You follow the same person or company on Twitter, Facebook, and Google Buzz, and every other time you see an update you get déjà vu. You think, "I've seen this before..."—and you have, because they're automatically posting the same content across different social media networks. Piping feeds from one network to another is a zero-effort way to broadcast content, but it also offers minimal returns.
Auto-tweeting a stream of blog headlines with bit.ly links to the full article doesn't invite conversation. Twitter posts, limited to 140 characters without images or video clips, can read awkwardly when they get sucked into and displayed on Facebook. FriendFeed and Google Buzz offer more places to automatically pipe headlines, photos, and videos, and host conversations amongst consumers, who may will suspect there are no actual humans on hand—and they're usually right. The Golden Rule of social networks is "you get what you give." Writing updates that suit the medium will yield a stronger community and better conversations than just broadcasting one-to-many headlines.
A recent manifesto by Game studio founder Tim Maly's, "Unlink Your Feeds," calls for a different approach. Maly argues that auto-broadcasting feed content to every social media network is akin to spam: bad for your fans, followers and customers, bad for the Internet, and bad for your reputation.
You need to unlink your feeds and put a tiny bit more effort into using each service for what it is. [...] Each social networking site has a slightly different culture, with a slightly different grammar and set of conventions. When you dump your feed from one into the other, it can be jarring. It sends a message about your respect for the mores of the site that's receiving the feed. It tells us that you don't really care. It tells us that you aren't really paying attention.
Maly says anyone serious about their social media presence should take the time to handcraft their updates to each.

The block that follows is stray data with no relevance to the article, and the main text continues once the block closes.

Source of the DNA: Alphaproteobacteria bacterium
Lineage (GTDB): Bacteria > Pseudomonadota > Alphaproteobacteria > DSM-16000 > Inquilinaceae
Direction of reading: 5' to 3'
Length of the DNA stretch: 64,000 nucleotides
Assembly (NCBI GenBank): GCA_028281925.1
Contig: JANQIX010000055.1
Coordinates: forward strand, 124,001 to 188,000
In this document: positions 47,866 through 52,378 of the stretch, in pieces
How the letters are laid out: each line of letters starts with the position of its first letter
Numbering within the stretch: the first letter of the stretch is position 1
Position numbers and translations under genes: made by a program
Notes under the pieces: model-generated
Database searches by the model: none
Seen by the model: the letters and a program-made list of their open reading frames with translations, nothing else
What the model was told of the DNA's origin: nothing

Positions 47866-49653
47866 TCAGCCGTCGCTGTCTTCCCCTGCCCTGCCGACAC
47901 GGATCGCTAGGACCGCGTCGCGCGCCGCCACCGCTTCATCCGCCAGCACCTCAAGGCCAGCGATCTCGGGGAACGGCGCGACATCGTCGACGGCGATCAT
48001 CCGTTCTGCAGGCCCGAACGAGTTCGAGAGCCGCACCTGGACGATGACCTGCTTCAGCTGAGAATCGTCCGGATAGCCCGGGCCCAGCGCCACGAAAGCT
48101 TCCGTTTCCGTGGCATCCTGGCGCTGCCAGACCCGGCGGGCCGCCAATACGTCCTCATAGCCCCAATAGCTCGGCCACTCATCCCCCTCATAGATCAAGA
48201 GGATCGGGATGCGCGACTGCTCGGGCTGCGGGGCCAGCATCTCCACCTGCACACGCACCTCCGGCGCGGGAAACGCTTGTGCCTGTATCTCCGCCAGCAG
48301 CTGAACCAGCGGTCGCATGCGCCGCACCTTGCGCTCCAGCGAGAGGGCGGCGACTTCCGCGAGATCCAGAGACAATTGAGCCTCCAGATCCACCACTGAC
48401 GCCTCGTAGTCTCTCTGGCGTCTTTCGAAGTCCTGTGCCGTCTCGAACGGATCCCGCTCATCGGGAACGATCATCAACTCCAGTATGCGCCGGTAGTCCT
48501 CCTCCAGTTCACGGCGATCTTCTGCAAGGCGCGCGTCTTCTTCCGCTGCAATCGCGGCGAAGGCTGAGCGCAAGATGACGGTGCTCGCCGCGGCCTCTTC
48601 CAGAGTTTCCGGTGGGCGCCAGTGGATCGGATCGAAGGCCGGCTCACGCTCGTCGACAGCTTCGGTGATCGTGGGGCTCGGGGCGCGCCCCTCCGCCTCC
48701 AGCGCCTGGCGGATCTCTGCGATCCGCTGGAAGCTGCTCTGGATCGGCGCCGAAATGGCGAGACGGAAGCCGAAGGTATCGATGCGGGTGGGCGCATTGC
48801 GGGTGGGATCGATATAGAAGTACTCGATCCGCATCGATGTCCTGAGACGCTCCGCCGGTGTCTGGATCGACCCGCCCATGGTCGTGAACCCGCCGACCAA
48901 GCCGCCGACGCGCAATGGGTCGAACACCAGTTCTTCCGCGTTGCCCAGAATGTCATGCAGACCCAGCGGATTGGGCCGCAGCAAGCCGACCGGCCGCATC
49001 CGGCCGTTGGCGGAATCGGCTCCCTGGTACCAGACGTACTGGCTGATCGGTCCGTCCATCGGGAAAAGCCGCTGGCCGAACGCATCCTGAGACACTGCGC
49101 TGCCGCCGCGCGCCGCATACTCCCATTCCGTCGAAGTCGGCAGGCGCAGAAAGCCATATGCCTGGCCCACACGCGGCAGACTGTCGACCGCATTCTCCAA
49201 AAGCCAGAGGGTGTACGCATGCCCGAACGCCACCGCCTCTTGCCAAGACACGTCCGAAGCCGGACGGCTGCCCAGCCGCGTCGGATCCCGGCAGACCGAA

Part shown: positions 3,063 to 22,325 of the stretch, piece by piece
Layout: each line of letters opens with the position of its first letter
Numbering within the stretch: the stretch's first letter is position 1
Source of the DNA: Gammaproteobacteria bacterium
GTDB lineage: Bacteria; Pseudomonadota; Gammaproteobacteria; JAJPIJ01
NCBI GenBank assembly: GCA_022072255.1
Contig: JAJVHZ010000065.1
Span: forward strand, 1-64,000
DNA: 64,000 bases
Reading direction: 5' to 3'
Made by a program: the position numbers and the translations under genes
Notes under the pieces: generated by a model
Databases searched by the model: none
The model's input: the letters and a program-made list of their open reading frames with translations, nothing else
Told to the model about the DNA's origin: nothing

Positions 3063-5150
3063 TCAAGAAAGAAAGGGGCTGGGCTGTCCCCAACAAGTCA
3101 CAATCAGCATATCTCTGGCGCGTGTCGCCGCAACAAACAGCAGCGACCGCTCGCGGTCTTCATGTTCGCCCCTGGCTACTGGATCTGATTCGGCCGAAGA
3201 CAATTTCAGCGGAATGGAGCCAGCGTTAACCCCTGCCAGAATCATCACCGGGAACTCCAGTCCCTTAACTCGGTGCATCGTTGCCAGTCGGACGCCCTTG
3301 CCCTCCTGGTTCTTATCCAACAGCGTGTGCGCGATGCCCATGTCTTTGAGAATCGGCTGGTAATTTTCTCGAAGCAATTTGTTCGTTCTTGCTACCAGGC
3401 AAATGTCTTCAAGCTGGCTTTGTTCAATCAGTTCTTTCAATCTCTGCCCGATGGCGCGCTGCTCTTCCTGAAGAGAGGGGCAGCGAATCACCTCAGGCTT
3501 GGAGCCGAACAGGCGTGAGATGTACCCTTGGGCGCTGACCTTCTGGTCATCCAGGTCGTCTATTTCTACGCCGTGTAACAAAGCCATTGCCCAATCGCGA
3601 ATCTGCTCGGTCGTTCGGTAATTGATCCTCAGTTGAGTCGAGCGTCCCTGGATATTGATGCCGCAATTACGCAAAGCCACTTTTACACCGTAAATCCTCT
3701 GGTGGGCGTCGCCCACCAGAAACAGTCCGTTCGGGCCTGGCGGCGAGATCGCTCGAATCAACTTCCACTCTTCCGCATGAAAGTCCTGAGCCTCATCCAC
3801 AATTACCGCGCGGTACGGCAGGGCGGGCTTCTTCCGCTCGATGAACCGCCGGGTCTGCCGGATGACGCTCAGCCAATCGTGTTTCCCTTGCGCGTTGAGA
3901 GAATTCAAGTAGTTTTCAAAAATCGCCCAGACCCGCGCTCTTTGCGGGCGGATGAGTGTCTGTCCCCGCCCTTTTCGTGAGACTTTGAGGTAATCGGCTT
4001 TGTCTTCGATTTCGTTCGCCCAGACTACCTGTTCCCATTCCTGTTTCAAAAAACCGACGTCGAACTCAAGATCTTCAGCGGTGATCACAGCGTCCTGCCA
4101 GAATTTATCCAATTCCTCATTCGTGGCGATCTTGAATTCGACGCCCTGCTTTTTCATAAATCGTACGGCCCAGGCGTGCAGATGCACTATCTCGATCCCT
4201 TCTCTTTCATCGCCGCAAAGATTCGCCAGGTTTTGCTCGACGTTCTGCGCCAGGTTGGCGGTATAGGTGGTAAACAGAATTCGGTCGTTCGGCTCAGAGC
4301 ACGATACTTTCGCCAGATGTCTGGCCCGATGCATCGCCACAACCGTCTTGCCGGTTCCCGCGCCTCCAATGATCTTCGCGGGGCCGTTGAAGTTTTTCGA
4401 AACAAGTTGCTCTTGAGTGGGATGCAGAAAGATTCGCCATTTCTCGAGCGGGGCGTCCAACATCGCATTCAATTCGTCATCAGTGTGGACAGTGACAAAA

I imagine a world where people take each network for what it is and participate (or not) on those terms. Instead of a firehose slurry of everything buckets, I imagine separate streams of purified whatever-it-is-each-service-does. I envision users that post when they're inspired and don't mind skipping a few days if nothing particularly interesting comes up.
The most innovative brands and individuals have shown us that social media's best use is for direct engagement with fans, and auto-broadcasting feeds doesn't encourage that behavior. Look at JetBlue. On Twitter they use Twitter conventions like @replies and hashtags, and they promote related Twitter accounts like @jetbluecheeps. On Facebook, they post links to pages including images and respond inline to customer comments. They take advantage of each network's functionality and conventions.
Sound precious, impractical, and time-consuming? It may be. Even companies who have a community manager or customer service person on staff to oversee their social media presence may not have the bandwidth to handcraft updates every day for the myriad social networks out there. But you can choose one platform that best fits your audience, and tailor your updates there.
Prestigious tech blog ReadWriteWeb is giving that a try. While they auto-feed headlines to Twitter and Facebook, they're taking a different approach with Google Buzz. This week, community manager Jolie O'Dell announced:
We've decided that the last thing we need to do with Buzz is use it to promote the same stream of blog content — we're not that desperate, and we know you get that news elsewhere. Here's how we're using Google Buzz instead. For conversations! Actual, honest-to-god, open discussions between the RWW team and you, our wonderful readers.
ReadWriteWeb will dedicate resources to interacting with customers on Google Buzz: going to them, instead of asking them to come to the Web site and comment there. Will it be a waste of time or a boost for the brand? Time will tell, but having conversations with your customers on their terms and platform of choice seems like a good bet.